Best Plants & Shrubs For Winter
Good Plants and Shrubs For Winter
Looked out at your garden lately?
Wondered what it will look like in another few weeks once the cold has descended, the nights are growing longer and winter is approaching?
Time to get to work!
It's the time of year for throwing out annual flowers and cutting back the browning grasses which have given us some lovely Summer colour in our gardens.
Perennials can be covered in straw if they're half-hardy or raised into pots for a winter in a greenhouse. That will leave quite a few gaps to fill.
There are lots of good winter plants and shrubs to fill the gaps!
Whether you have a garden the size of a postage stamp, a humble window box or a sprawling acreage, Autumn is a time for clearing out the old and getting your garden ready for the new.
And no matter where you are in the Western world there are great winter plants and shrubs (lots of them flowering or variegated) to add colour from October all the way through to next Spring.
Preparing For Winter Weather
We can't really know what the weather will be like every winter.
In the UK, we suffered one of the worst winters in history last year and for most of us, our gardens were snowy blankets for most of December and January.
It is possible, even in snow, to enjoy some colour in winter.
There are lots of plants and shrubs which will fit the bill. The internet is a brilliant place to start looking with many nurseries selling winter plants and shrubs online for great prices.
Your garden can often be somewhere to look out and de-stress because it's your pretty, little haven.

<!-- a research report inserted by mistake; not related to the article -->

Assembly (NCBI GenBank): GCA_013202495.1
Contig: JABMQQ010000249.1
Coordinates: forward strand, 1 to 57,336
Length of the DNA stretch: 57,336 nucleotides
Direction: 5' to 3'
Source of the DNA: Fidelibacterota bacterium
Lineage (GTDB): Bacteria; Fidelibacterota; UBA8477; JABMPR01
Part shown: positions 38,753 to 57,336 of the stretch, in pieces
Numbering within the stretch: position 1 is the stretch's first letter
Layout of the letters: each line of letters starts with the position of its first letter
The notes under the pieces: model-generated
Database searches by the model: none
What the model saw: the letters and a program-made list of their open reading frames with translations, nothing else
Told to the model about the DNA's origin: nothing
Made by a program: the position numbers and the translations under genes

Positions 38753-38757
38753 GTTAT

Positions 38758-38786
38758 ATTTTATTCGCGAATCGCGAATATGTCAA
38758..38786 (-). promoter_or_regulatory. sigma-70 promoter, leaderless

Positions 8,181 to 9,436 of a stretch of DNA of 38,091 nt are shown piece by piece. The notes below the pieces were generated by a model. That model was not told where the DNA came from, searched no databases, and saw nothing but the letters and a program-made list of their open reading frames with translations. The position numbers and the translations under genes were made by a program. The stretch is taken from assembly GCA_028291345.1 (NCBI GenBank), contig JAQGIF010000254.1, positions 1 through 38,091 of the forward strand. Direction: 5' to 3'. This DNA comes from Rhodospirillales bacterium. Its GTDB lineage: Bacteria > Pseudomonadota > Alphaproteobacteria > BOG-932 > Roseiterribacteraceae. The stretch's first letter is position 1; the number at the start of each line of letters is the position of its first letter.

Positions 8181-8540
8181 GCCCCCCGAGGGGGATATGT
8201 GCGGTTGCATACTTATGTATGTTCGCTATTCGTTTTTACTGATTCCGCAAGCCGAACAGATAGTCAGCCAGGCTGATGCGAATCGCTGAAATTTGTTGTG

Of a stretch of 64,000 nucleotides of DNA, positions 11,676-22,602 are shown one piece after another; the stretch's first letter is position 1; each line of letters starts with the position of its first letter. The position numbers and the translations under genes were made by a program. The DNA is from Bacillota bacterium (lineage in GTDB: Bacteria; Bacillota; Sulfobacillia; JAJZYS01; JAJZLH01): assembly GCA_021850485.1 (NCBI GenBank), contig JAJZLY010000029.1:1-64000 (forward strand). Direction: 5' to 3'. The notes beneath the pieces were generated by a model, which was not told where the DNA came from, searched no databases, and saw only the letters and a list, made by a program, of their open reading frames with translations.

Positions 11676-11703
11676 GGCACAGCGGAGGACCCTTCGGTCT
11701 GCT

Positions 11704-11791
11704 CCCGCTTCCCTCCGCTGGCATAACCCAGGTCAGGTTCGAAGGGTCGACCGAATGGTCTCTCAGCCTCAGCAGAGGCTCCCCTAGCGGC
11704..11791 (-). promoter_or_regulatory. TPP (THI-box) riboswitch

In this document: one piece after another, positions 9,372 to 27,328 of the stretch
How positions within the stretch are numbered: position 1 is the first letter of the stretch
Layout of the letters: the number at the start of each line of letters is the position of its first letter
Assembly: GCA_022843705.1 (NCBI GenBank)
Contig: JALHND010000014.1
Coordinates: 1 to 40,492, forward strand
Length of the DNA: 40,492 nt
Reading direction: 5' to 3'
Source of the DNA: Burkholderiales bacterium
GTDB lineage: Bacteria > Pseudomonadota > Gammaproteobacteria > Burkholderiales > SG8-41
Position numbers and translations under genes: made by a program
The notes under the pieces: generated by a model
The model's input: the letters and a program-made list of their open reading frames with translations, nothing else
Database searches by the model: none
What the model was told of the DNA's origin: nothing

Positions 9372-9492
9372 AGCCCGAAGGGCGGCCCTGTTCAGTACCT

Why should that change just because it's cold outside?
You can use Autumn to find plants, shrubs and flowers and plant in October and early November before the sharper frosts set in.
By the time winter rolls around, your garden could be well on its way to a blanket of colour.
Winter Shrubs & Plants
Pyracantha Saphyr Orange, often called 'Firethorn' is a mass of dark green leaves studded with red berries.
A really pretty winter addition to your garden. Pyracantha needs to be looked after though because once it takes hold, it can get a bit out of control.
It is very thorny so needs to be cut back regularly (but wear good gloves). It can live up to a good pruning every year and will repay you will new shoots every time.
It makes really good hedging, planted against walls and fences (it is listed by the Metropolitan Police as a 'natural protector'), because burglars don't fancy jumping into its thorny mass.
It also makes a really good architectural plant with some imaginative trimming and shaping.
A great edition to your winter garden, which will last for years and years.
Erica Carnea is a wonderful plant for ground cover in winter so you can fill up a lot of the empty spaces left by your summer annuals and lifted perennials.
Erica Carnea needs ericaceous compost or an acid soil though it can tolerate slightly alkaline soil.
It flowers best in sun or partial shade and you'll see it at its best from January to March.
A beautiful mass of pink flowers on dense green foliage.
Jasmine is so pretty and is worth having just for its delicacy at an often harsh time of year. A good way to plant it is in amongst already established clematis.
In any event, it needs to be tied into a structure or fence but will give you pretty yellow flowers and height so even the snow won't spoil the effects.